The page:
Learn how to combine three stitches into one textured stitch with a treble crochet cluster! You can use this stitch on its own to make scarves and blankets, or combine it with other stitches to make borders, mandalas, afghan pieces, and more.
What is a Crochet Cluster Stitch?
Although any cluster stitch is a more intermediate level stitch, once you know the basics of crochet, it's easy to learn. There are several variations of cluster stitch, but they all come together the same way. To make a crochet cluster, you start a basic crochet stitch like double or triple crochet, but you don't complete the stitch. Then you make several more partial crochet stitches all in the same stitch base. Finally, with several active stitches on your hook, you do one final yarn over and draw it through all the loops. For this tutorial, we'll focus on the 3 treble crochet cluster, but some patterns may use other numbers of basic stitches in the cluster.
Each cluster contains multiple stitches, but when you work these stitches, they all work into one stitch and end with a single stitch at the top. That means they only count as one stitch. They are, however, as wide as the number of stitches in the cluster. To give them room, you can skip stitches between clusters or you can create a fuller and more bumpy texture by working them next to each other. This produces an effect that's closer to popcorn stitch, but not as puffy.
Things to Remember
A treble crochet cluster looks different from the front and back. Working rows of only these clusters will result in varied texture. To keep the stitches all facing the same way, work a row of single or double crochet between the rows of cluster stitch.
This tutorial uses US crochet terminology.
Ready to try this stitch for yourself? Pick up your yarn and hook to get started!
This sample started with a base that has 25 double crochet stitches. The turning chains count as stitches for this example, but you should always read through the instructions in the pattern you are following.
Chain four as a starting chain (counts as a treble crochet).
Start the first treble crochet cluster in the next stitch. Yarn over two times and insert the hook in the correct stitch. Draw up a loop.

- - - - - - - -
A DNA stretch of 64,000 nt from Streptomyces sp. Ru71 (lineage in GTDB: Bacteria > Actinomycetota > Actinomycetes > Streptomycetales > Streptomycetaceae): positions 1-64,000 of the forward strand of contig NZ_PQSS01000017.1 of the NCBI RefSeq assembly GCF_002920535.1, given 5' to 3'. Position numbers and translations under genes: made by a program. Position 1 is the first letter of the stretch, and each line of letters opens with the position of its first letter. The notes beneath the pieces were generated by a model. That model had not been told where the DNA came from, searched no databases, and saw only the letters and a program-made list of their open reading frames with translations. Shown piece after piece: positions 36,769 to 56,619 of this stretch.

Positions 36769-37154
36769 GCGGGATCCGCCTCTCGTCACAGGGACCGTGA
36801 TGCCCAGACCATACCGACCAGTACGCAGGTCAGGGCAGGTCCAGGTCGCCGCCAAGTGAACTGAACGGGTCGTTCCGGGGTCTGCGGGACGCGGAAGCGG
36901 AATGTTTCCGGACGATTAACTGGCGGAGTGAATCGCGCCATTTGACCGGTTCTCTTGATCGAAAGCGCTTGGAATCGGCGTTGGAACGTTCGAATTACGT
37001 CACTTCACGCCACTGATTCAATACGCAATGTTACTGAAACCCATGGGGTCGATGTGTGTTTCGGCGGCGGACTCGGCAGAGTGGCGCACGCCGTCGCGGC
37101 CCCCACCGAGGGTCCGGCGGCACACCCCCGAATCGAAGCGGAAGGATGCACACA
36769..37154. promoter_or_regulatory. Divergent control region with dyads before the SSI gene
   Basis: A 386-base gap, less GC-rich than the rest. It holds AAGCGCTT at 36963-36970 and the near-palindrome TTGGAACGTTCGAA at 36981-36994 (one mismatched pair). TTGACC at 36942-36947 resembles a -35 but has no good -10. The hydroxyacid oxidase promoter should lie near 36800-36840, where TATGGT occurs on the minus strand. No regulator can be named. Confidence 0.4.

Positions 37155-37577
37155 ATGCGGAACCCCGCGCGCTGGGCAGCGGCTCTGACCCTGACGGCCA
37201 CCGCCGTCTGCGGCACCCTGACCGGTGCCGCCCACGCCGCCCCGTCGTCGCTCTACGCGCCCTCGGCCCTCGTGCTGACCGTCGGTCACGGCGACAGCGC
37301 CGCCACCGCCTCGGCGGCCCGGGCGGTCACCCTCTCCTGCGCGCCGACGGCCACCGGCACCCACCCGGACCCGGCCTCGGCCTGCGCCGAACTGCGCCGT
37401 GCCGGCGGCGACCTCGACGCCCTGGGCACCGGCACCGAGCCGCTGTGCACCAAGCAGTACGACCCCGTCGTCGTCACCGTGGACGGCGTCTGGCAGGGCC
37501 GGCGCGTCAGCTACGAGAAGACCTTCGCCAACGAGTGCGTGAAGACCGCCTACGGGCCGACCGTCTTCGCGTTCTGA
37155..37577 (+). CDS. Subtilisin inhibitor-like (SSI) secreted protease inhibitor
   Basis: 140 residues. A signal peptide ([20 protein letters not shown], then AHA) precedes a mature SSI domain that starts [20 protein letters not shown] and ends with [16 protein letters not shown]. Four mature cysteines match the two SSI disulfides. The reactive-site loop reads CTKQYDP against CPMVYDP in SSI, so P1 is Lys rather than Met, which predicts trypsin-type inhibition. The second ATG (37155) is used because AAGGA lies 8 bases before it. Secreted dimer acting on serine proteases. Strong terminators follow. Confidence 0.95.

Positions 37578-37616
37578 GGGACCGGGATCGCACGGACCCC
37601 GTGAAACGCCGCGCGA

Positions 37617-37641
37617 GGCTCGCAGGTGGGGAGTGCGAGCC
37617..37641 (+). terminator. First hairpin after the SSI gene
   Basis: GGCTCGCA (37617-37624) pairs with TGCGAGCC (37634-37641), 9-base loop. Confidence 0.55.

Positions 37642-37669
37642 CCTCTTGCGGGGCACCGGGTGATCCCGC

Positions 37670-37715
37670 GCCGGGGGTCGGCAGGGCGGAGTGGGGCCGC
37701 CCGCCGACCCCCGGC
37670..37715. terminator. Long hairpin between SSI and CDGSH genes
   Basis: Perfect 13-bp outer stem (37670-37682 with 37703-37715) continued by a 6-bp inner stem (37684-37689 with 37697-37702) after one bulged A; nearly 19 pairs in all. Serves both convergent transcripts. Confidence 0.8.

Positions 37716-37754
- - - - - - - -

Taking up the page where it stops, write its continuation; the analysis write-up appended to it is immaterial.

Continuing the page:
Yarn over and draw through the first two loops. Yarn over and draw through the next two loops. You should now have two loops left on your hook.
For a typical treble crochet stitch, you would yarn over and draw through the loops one more time, but here you leave the stitch unfinished.
Repeat the previous step two more times so that you have three unfinished treble crochets. You should also have four loops on your hook. One of these is from the first stitch and the other three are the partial treble crochets from the cluster stitch.
Yarn over and draw up a loop through all the loops on the hook. This ends off all of the partial stitches and completes the treble crochet cluster stitch.
When working a row of treble crochet cluster stitches, chain one and skip the next stitch. Yarn over two times and start your next cluster.
This may be different in some patterns that use clusters in other ways.
Continue across the row, alternating treble crochet clusters and chain stitches. If you started with an odd number of stitches like the sample, at the end of the row you should have one last stitch. Work a standard treble crochet into that stitch.
Repeat steps 1–6 to add more rows to your work. Be sure to notice the difference between the rows that go back and forth. If you want all of the treble crochet clusters to look the same, work a row of stitches between the rows of clusters.
Remember, you can use this same technique to make other types of cluster stitches. Some patterns may call for a cluster with double crochets instead of treble crochets. Others use a different number of stitches worked together as one. But the process remains the same as you work everything into one stitch and you end them all of as one stitch.
Give this stitch a try and you'll be ready for your next intermediate-level crochet project!